Law reports: CASE SUMMARIES; 27 November 1995

Notes of judgments
Click to follow
The Independent Online
The following notes of judgments were prepared by the reporters of the All England Law Reports.

Breath test

DPP v Berry; QBD(DC) (Simon Brown LJ, Scott Baker and Latham JJ); 30 Oct 1995

A defendant who had a low level of understanding and was unable to understand the breath-test procedure had not been deprived of his right to have his specimen of breath replaced under s 8(2) of the Road Traffic Act 1988 when it was clear his condition had been made worse by his admitted consumption of alcohol, since the deprivation was self- induced.

Ben Crosland (CPS) for the prosecutor; the defendant did not appear and was not represented.


Delaney v Delaney; CA (Sir Thomas Bingham MR, Sir John Balcombe); 24 Oct 1995

A county court judge who found a party guilty of contempt for breaking a court order or undertaking did not have power to remand that party in custody while he considered the appropriate sentence to impose.

Philippa Eade (Rustons & Lloyd, Newmarket) for the appellant; James Munby QC (Official Solicitor) as amicus curiae.


R v Finnegan and anor; CA (Crim Div)(Roch LJ, Forbes J, Judge Pownall QC); 1 Nov 1995

Section 35(1) of the Banking Act 1987 (fraudulent inducement to make a deposit) does require that the misleading statement should have induced another person to make a deposit. Were that the case then the charge would be one of obtaining property by deception. The offence is complete once the defendant has made a statement which he knows to be misleading, false or deceptive for the purpose of inducing another person to make a deposit with him or another person. The statement does not have to be communicated to the person whom it is intended to induce to make a deposit; it is sufficient if the statement is made and communicated to someone with the necessary intent or purpose.

Peter Collier QC, Jeremy Barnett (Registrar of Criminal Appeals) for the appellant; Stuart Browne QC, Neville Spencer Lewis (CPS) for the Crown.


Yorkshire Regional Health Authority v Fairclough Building Ltd and anor; CA (Neill, Evans, Millett LJJ); 1 Nov 1995

The substitution of a new party, who had succeeded to a claim or liability already represented in existing proceedings, pursuant to RSC Ord 15, r 7, did not involve the making of a "new claim" as defined in s 35(2) of the Limitation Act 1980 and accordingly s 35(2) did not deprive the court of jurisdiction to order such substitution after expiry of the relevant limitation period.

John Blackburn QC, Martin Bowdry (Hammond Suddards, Leeds) for the second defendants; Nicholas Denny QC and Andrew Goddard (W.J.M. Lovel, Harrogate) for the plaintiffs.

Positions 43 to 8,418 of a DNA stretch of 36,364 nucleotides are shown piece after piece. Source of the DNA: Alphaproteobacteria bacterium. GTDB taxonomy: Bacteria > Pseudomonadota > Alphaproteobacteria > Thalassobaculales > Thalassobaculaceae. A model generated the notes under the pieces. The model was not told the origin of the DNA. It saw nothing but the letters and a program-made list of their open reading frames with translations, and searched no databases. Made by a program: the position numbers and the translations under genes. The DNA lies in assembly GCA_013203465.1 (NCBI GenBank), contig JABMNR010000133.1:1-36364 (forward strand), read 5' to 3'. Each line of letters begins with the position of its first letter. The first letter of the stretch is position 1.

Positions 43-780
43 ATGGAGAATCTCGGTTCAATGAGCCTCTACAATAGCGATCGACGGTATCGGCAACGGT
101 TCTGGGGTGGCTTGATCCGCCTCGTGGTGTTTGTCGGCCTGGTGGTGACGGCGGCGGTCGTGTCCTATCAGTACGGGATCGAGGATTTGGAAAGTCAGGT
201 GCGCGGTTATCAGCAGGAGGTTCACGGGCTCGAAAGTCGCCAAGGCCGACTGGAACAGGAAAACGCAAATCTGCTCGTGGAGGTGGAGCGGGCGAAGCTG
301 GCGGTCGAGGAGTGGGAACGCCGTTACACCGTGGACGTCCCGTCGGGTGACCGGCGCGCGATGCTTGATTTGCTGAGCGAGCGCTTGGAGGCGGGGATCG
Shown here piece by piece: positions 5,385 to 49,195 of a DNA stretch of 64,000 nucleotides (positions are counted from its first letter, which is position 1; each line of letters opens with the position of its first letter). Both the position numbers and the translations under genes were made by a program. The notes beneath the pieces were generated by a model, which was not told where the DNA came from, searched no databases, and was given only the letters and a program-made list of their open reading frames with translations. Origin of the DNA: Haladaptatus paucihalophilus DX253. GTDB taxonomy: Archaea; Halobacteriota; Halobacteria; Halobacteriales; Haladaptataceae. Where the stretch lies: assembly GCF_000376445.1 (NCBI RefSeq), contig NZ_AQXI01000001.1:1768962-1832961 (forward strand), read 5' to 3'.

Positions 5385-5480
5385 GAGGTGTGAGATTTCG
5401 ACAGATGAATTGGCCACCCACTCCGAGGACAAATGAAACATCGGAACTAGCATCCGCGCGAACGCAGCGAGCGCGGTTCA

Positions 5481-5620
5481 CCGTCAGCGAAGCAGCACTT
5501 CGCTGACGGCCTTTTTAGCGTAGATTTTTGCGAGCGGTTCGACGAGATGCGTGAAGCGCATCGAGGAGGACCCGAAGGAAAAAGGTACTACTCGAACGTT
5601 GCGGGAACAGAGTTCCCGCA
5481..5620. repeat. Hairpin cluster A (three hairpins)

Road traffic

East Staffordshire BC v Rendell; QBD(DC) (Simon Brown LJ, Sedley J); 3 Nov 1995

The holder of an operator's licence for a private hire vehicle in one controlled district committed an offence under s 46(1)(d) of the Local Government (Miscellaneous Provisions) Act 1976 when he redirected his calls from that controlled district to a telephone on premises in an adjacent controlled district for which he held no licence, since he had made provision for the acceptance of bookings in an area for which he held no licence.

Christopher Kinch (Sharpe Pritchard for Council Solicitor) for the council; Jonathan Galbraith-Martin (Batesh Partnership, Manchester) for the defendant.


R v Davies and ors; CA(Crim Div) (Swinton Thomas LJ, Waterhouse, Harrison JJ); 3 Nov 1995

The test of the competence of a child witness under s 2 of the Criminal Justice Act 1991 is whether the child is able to understand the questions put to him or her, to communicate, to give a coherent and comprehensive account of the matters in relation to which he or she is giving evidence and to distinguish between truth and fiction and between fact and fantasy. Once a child can give a comprehensive account and distinguish between fact and fiction, whether the child is telling the truth or not is a matter for the jury.

The Cleveland guidelines in relation to the conducting of interviews should be regarded as expert advice as to what will normally be the best practice to adopt in seeking to ensure a child's evidence is reliable. In resolving questions that arise under section 32A (video recordings of interviews with children) and the judicial discretion in relation to admissibility under s 78 of the Police and Criminal Evidence Act 1984, the issue was whether fairness required the judge to exclude or to admit the evidence.

Patrick Eccles QC, James Tillyard; Gerald Price QC, Jeffrey Clarke; Ian Peddie QC, Philip D. Marshall; Edward Lyons QC, David J.M. Aubrey; Adrian Fulford QC and Janet Plange (Eaton-Evans & Morris, Haverfordwest); Nigel Mylne QC, Geraint Walters (Paul Settatree & Co, Haverfordwest) for the appellants; Gerard Elias QC, Paul Thomas QC amd Huw Rees (CPS) for the Crown; David Bodey QC (Treasury Solicitor) for the Official Solicitor.